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The Postwar Sherman in Canadian Service

The Postwar Sherman in Canadian Service Book Review

By Cookie Sewell

Date of Review June 2012 Title The Postwar Sherman in Canadian Service
Author Rod Henderson Publisher Service Publications
Published 2012 ISBN 978-1-894581-76-9
Format 24 pages, softbound MSRP (CDN) $9.95

Review

When fighting a war, you usually want all of the weapons you can get if they are serviceable, reliable, and can accomplish most tasks with relative ease. During WWII two tanks stood out as meeting those requirements: the American M4 medium tank - Sherman in Commonwealth service – and the Soviet T-34. At the end of the war, thousands of these tanks were in service with their respective armies, but due to developments during the war were seen as somewhat obsolete and past their prime. While the Soviets initially stored their 76mm T-34 tanks - scrapping them much later after the war was over - the US refurbished their Shermans and sold them to other nations at bargain basement prices or furnished them to emerging governments under the Military Assistance Program.

The Sherman in its final form was still capable as a tank when used for basic functions such as infantry escort or mobile fire support; it just was not capable of standing up to newer Soviet tanks like the IS-2 and IS-3 and the nascent medium tank of the 1950s, the T-54 with its 100mm gun then in development. So it was a cheap way to “bulk up” one’s forces.

The Canadian Army decided after the war to switch from British-designed to American-designed vehicles and weapons systems, as it was an easier arrangement and many factories in the Detroit area share both parts and production tasks. Offered a lot of M4A2E8 tanks originally slated for the USSR at prices equivalent to scrap metal, the Department of National Defence (DND) purchased 294 of these tanks in 1946 along with 90 M5A1 Stuart VI tanks for a paltry $772,000 and used them to equip a number of active duty and reserve units.

Since the Canadian Army had used earlier marks of the Sherman in WWII, the new tanks were not a great technological jump, nor were they a training problem. The new tanks were the final models with “Wet” stowage hulls, T23 type turrets with 76mm guns, and the horizontal volute spring suspension with 23" wide tracks. The only part that the Canadians did not like to use were the SCR-528 VHF FM radio sets, preferring to swap them for the then-Commonwealth standard No. 19 HF AM radio sets.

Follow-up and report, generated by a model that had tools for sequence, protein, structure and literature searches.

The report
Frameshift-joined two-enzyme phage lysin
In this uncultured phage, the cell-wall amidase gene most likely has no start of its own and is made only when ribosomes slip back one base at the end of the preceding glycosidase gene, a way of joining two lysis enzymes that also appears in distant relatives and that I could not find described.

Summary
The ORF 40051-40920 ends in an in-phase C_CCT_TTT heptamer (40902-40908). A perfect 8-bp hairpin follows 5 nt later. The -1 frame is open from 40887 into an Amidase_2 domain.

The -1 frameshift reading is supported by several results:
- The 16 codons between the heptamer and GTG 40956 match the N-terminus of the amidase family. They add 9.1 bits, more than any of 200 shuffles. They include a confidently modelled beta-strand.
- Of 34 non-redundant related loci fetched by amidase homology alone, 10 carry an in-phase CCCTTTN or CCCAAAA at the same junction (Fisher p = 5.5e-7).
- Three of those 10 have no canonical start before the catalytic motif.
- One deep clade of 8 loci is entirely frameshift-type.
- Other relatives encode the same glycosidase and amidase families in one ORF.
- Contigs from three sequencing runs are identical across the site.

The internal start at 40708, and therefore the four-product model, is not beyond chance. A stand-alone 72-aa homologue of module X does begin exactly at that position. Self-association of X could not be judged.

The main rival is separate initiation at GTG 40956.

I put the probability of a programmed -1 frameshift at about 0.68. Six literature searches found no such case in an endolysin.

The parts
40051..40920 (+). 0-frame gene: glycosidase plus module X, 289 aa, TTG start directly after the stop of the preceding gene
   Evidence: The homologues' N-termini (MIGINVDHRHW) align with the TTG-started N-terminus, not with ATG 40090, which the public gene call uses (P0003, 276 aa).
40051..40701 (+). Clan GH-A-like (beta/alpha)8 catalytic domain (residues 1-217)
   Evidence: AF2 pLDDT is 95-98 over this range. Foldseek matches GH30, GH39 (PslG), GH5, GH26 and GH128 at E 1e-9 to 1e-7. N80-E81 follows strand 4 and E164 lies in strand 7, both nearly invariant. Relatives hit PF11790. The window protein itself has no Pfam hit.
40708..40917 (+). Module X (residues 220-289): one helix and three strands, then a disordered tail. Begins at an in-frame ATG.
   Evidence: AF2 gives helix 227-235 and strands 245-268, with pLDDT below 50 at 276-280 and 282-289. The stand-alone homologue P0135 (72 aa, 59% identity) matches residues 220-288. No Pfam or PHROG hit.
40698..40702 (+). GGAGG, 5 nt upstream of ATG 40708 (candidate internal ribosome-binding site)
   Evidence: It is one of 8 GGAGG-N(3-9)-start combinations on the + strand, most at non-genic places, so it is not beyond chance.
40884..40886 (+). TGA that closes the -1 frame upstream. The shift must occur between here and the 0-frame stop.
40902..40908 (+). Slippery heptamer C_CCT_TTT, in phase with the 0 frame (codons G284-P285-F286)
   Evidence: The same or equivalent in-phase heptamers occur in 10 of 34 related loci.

When the Korean War broke out, and the US brokered a UN mission to retake South Korea from the North Koreans, the Canadians moved to sent a contingent of M10/17-pdr tankd destroyers to Korea as part of their formation. They soon decided this was incompatible with US equipment, and rather than send the M4A2E8 tanks they had trained on they drew M4A3E8 tanks from US forward based stocks. The tanks were nearly identical other than the Ford GAA gasoline engine vice the twin GMC diesels of their A2s, so the transition was quick. This unit was designated as C Squadron, Lord Strathcona’s Horse. These were used effectively against Chinese and Korean SU-76M self-propelled guns, and even with the age of the Shermans this was not a fair fight! By the end of the war they had been replaced in situ by A and B Squadrons.

But back in Canada, starting in 1952 the Canadian Army began to transition to the new Centurion tanks and as such the Shermans were then delegate to the reserves. These tanks were used until the late 1950s when in 1957-58 the reserves began to transition to functions similar to the US National Guard, e.g. more emphasis on support to natural disasters and civil defense. This was reversed in 1964 and tank units once more trained as tank units. By 1970 all of the units had given up their Sherman with the exception of the Ontario Regiment. These were sorted out for scrap in early 1972, ending the Sherman’s active use by the Canadian Army.

While there were some experiments with the tanks over the years such as “Badger” flamethrower units and some “Kangaroo” like armored personnel carriers, for the most part the tanks remained as combat vehicles while in service.

The tanks were given DND registration numbers by the Canadians running from 78-693 to 78-992. The book includes a 1/35 tone painting of 78-748 while in service with the Regiment de Hull, Provincial forces of Quebec.

Overall this is a book that “completes the record” for every Sherman fan regardless of nationality. The cover picture of an M4A2E8 in service with the Fort Garry Horse in 1950 with polished (!) tracks needs to be seen by modelers!

Thanks to Service Publications for the review copy.

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